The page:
Letter 4 – Part 2
I am not retracting my earlier judgement that Robin is harmless toward the children and me. Not at all, my dear! But I have been worried, I realized, that Robin may be harmful to himself. I did not want to believe it so I didn’t dare utter it, even to myself, not fully anyway. It was a thought which loitered about a dark corner of my mind, and I had been doing all that I could to prevent its stepping into the light; or, as if a player in the wings, now in full view of the anticipating audience.
In some ways it was a relief to acknowledge the thought, if only to myself. However, the relief of that idea instantly surrendered to a disquieting one: who were Rev Grayling’s informants? I recalled the agents who Mrs Shelley said watched her home to apprehend her debt-burdened husband, or at least to apprehend a clue regarding his whereabouts. Could similar agents be spying on hour home? Taking note of Robin’s comings and goings? Watching the children as they play in the alley? Recording my visits to Mr Smythe and Mrs Shelley?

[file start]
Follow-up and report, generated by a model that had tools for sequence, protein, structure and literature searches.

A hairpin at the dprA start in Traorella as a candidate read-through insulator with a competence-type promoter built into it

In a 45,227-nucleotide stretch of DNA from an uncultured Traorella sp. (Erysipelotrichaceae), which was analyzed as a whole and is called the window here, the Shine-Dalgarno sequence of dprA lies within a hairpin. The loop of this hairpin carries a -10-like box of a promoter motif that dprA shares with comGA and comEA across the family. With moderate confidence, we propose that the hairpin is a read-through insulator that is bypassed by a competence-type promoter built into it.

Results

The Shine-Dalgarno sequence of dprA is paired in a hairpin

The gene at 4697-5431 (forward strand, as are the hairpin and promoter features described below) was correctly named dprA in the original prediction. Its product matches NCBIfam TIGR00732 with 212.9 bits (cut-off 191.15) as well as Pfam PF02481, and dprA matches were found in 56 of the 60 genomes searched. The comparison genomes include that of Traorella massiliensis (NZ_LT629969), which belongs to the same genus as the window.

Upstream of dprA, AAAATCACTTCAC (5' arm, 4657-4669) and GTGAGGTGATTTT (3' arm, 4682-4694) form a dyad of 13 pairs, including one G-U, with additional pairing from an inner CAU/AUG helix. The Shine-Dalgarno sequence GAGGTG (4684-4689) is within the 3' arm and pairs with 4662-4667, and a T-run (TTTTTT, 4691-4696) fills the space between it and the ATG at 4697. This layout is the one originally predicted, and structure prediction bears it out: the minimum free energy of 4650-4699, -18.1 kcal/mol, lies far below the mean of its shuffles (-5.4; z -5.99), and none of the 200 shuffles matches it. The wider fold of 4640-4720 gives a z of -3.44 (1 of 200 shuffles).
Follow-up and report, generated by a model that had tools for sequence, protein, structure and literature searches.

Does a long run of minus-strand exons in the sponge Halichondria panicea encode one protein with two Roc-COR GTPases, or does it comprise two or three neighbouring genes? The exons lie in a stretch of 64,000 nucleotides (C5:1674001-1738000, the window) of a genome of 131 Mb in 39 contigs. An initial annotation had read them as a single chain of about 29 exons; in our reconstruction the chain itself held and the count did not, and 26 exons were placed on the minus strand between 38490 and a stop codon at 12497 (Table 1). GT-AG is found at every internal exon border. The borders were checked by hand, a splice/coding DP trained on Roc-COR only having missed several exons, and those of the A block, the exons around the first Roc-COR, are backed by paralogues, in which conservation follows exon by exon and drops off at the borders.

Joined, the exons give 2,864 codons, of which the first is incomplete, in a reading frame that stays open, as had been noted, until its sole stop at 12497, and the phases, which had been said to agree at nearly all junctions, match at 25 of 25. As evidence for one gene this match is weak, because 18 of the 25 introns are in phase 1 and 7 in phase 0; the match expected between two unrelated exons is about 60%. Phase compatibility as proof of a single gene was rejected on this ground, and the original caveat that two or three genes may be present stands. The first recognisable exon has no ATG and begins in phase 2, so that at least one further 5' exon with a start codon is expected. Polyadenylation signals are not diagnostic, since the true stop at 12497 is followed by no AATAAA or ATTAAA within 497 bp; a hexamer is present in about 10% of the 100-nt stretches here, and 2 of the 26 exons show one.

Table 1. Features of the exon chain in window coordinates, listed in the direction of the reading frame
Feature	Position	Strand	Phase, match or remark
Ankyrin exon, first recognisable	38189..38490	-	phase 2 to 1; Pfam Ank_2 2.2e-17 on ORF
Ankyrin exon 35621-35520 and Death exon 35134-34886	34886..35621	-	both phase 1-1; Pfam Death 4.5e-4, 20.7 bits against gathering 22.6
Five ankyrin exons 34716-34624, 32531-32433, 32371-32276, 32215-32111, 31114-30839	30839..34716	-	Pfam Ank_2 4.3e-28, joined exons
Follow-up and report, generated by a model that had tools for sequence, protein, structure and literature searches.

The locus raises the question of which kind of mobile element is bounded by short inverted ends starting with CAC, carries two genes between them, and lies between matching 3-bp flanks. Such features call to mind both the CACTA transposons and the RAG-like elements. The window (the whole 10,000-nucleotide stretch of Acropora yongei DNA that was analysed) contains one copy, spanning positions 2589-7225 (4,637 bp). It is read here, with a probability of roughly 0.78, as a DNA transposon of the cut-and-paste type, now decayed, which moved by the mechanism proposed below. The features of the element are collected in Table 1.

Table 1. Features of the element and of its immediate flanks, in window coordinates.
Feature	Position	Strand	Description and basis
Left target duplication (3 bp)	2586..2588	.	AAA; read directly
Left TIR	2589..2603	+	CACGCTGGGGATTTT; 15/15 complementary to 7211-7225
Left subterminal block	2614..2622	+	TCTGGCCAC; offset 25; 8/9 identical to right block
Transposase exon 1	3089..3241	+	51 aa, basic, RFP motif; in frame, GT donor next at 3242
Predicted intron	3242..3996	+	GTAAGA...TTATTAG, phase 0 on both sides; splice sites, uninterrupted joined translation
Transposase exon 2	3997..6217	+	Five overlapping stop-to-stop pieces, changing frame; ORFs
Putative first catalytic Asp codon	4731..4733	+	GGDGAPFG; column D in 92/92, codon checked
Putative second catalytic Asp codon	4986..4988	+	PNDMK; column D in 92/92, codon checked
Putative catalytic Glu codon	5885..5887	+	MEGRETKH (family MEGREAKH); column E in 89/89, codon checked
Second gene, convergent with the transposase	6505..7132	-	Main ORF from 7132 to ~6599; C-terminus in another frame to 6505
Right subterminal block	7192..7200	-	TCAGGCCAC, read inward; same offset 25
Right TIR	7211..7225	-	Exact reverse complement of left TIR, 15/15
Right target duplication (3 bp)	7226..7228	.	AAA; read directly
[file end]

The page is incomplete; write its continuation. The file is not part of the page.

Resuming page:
Of course not. It was a nonsensical notion, born of my disturbing dialogue with old Rev Grayling.
As exasperating and unsettling as his line of inquiry was, after a time I discovered that beneath my irritation was a current of relief that he had not broached the subject of my truancy from services. There is a piece of me, buried well deep, which feels a spasm of guilt at not taking the children to church, a product of my own upbringing planted by my father and watered and fertilized by the Church itself; but instantly I recalled the charade of it all: of a benevolent, paternal God who watches over His flock, especially His little children, and Whose stern guidance helps us to avoid falling into the Pit of Eternal Flames. He certainly did not bestow His benevolence upon our Maurice; nor for that matter, it seems, half the children of London; nor their shattered, bereaved parents left to carry on in their little ones’ constant and conspicuous absence.